Current climate pollution levels put the world on a trajectory to suffer catastrophic sea level rise, but decisive action in line with the Paris Agreement’s goals could substantially reduce its impact, a pair of studies published in Nature find. One of those studies shows the current pace of warming could trigger a sudden acceleration of ice melting in about 40 years, with catastrophic impacts as ice melt is responsible for about half of sea level rise. The other study, however, found that limiting warming to 2.7°F (1.5°C) could slow sea level rise caused by melting Greenland and Antarctic ice sheets to about five inches by 2100.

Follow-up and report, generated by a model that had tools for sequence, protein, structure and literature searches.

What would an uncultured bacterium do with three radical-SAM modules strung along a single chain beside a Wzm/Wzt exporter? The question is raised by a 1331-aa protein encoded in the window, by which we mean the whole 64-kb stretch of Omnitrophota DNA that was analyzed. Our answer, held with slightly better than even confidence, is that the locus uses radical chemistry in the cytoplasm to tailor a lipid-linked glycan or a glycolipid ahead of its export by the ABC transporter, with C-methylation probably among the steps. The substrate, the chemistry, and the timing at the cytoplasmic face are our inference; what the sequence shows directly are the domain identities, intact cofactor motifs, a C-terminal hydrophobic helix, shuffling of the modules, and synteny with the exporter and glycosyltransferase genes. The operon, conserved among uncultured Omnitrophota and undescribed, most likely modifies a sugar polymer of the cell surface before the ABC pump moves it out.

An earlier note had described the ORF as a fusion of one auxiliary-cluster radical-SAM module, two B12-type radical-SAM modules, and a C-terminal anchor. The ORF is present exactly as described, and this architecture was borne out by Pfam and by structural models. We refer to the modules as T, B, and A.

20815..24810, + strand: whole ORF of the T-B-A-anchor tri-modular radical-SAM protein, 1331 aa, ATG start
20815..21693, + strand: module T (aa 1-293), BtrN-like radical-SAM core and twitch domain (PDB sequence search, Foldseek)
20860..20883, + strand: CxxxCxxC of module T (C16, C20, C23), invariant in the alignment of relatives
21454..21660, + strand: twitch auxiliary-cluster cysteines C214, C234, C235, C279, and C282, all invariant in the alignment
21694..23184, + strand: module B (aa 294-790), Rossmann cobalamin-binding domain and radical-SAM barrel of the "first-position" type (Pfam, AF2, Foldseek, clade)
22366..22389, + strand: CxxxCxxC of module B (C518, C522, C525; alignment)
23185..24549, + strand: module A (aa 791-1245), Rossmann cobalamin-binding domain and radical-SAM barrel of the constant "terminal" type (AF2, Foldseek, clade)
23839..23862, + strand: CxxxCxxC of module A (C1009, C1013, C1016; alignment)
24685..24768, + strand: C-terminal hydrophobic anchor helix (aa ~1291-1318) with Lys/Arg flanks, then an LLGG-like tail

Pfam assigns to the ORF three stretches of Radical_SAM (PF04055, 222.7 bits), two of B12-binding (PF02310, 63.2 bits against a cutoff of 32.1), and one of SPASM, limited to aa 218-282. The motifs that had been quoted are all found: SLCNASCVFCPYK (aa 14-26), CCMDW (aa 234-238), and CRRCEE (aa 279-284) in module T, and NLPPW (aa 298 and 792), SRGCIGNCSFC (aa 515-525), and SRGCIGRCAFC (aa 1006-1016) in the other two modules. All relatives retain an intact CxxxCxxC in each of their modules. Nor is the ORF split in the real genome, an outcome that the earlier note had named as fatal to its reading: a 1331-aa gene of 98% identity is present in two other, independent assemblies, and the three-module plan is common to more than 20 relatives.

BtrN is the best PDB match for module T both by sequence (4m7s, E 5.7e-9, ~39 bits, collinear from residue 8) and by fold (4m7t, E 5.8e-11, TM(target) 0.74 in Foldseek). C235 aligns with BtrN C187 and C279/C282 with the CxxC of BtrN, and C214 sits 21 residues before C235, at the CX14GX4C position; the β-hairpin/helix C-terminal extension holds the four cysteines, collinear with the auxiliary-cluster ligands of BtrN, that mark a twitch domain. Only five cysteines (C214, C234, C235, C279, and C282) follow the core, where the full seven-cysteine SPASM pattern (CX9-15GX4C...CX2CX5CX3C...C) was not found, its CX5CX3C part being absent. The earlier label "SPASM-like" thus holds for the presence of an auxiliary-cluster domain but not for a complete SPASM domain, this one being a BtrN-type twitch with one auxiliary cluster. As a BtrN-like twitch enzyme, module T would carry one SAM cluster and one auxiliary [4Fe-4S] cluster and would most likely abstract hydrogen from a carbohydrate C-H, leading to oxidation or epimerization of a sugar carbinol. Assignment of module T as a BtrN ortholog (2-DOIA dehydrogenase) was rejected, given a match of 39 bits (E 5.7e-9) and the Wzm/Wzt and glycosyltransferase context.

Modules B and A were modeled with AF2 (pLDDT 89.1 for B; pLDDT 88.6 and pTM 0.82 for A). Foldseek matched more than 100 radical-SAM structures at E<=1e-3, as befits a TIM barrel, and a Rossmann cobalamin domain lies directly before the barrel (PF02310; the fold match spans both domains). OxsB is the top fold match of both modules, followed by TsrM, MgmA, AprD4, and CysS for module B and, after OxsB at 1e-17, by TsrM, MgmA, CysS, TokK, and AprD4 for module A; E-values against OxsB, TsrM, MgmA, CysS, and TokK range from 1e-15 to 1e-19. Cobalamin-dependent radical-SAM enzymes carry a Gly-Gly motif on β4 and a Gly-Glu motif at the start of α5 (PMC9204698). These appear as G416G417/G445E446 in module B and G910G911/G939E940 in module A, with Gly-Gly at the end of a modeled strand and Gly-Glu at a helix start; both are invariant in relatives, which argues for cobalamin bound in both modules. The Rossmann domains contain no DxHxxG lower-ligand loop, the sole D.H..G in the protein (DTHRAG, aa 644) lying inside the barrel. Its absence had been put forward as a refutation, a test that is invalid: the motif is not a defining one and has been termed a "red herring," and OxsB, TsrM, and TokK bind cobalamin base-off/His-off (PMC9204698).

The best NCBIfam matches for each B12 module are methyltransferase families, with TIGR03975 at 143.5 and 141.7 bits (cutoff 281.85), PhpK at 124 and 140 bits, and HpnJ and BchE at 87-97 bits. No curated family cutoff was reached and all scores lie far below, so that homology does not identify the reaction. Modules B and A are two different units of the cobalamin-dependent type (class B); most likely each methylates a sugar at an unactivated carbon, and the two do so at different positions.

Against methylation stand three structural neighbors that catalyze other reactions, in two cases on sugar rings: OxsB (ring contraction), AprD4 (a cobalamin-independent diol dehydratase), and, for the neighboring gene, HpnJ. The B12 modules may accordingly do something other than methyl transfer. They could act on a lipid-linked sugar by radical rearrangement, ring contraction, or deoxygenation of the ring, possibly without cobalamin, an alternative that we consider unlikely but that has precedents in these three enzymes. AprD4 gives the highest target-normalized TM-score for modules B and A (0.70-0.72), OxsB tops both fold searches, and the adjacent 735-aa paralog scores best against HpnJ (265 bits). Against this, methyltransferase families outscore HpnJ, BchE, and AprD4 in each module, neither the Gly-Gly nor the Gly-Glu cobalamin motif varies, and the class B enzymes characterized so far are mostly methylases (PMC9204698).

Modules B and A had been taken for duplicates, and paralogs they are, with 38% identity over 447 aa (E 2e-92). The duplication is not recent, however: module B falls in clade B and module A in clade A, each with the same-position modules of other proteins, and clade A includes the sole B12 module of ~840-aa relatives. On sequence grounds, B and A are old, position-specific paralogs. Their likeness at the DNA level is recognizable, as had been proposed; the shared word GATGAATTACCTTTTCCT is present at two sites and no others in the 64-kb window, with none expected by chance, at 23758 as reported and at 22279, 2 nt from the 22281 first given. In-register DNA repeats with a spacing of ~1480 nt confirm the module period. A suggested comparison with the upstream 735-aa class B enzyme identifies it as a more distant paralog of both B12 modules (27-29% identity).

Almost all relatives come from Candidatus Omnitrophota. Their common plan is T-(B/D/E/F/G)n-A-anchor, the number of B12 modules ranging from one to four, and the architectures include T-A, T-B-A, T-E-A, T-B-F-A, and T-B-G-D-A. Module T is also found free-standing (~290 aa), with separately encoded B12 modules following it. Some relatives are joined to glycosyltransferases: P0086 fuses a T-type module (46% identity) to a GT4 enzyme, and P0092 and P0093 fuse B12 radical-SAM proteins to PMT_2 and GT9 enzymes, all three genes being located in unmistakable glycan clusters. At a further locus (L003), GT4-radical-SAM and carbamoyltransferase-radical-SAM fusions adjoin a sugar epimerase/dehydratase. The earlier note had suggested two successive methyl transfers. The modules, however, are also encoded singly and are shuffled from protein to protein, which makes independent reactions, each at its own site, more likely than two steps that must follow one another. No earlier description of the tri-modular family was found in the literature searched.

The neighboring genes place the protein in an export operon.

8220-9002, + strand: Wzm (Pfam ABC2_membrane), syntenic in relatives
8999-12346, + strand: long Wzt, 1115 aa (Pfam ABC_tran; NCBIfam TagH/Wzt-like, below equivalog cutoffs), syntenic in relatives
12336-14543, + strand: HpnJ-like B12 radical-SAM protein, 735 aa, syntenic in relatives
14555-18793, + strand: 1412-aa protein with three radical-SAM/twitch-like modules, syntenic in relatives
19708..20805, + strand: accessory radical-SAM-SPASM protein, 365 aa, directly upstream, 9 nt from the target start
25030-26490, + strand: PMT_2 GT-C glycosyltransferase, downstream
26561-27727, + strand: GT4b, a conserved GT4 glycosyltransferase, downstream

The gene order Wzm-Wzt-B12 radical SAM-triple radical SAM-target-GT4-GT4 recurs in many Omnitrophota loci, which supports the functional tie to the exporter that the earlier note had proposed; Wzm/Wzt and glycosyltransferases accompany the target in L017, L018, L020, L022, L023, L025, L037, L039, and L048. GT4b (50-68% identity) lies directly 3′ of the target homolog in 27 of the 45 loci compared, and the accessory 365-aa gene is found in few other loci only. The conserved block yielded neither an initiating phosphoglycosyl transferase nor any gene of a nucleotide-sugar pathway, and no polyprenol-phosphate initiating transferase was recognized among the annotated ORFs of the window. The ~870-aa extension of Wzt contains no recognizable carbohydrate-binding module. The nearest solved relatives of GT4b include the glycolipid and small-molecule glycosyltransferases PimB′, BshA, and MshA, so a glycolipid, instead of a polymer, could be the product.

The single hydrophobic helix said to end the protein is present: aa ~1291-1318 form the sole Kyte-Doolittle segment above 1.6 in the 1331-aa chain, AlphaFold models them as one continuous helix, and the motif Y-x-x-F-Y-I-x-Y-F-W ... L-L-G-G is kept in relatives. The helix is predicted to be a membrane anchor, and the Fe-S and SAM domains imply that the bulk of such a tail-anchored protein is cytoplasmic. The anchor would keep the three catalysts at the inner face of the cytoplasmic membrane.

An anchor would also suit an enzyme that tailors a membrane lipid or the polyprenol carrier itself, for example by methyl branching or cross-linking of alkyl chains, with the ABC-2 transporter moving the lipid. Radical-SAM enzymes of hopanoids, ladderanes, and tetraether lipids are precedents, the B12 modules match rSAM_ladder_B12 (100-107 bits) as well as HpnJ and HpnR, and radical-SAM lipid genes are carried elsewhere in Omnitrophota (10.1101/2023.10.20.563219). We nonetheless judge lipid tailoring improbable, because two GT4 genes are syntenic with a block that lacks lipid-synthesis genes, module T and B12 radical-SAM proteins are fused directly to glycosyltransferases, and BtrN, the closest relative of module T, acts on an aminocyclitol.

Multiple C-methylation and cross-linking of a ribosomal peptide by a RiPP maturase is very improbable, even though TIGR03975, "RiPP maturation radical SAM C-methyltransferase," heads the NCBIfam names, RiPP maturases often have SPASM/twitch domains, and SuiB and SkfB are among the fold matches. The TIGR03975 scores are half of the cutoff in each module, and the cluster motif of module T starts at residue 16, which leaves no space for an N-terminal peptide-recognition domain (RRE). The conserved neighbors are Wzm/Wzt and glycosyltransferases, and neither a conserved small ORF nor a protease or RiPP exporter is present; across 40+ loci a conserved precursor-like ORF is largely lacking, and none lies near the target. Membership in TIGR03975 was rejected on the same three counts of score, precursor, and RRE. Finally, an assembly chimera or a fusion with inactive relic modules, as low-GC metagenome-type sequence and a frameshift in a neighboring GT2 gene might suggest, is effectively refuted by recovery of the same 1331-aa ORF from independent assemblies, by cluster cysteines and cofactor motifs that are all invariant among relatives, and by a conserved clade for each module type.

Predicting ice sheet melt is already extraordinarily complex, but the scientists emphasized the potential for even less predictable, and worse, impacts if global temperatures are left to continue rising. “When we jump to a world that reaches 3 degrees by 2100, [the way ice behaves] really start[s] to change,” Robert M. DeConto of the University of Massachusetts and author of the ‘trigger’ study, told the New York Times. (New York Times $, Washington Post $, Earther, The Guardian, Thomson Reuters Foundation, InsideClimate News, Bloomberg $)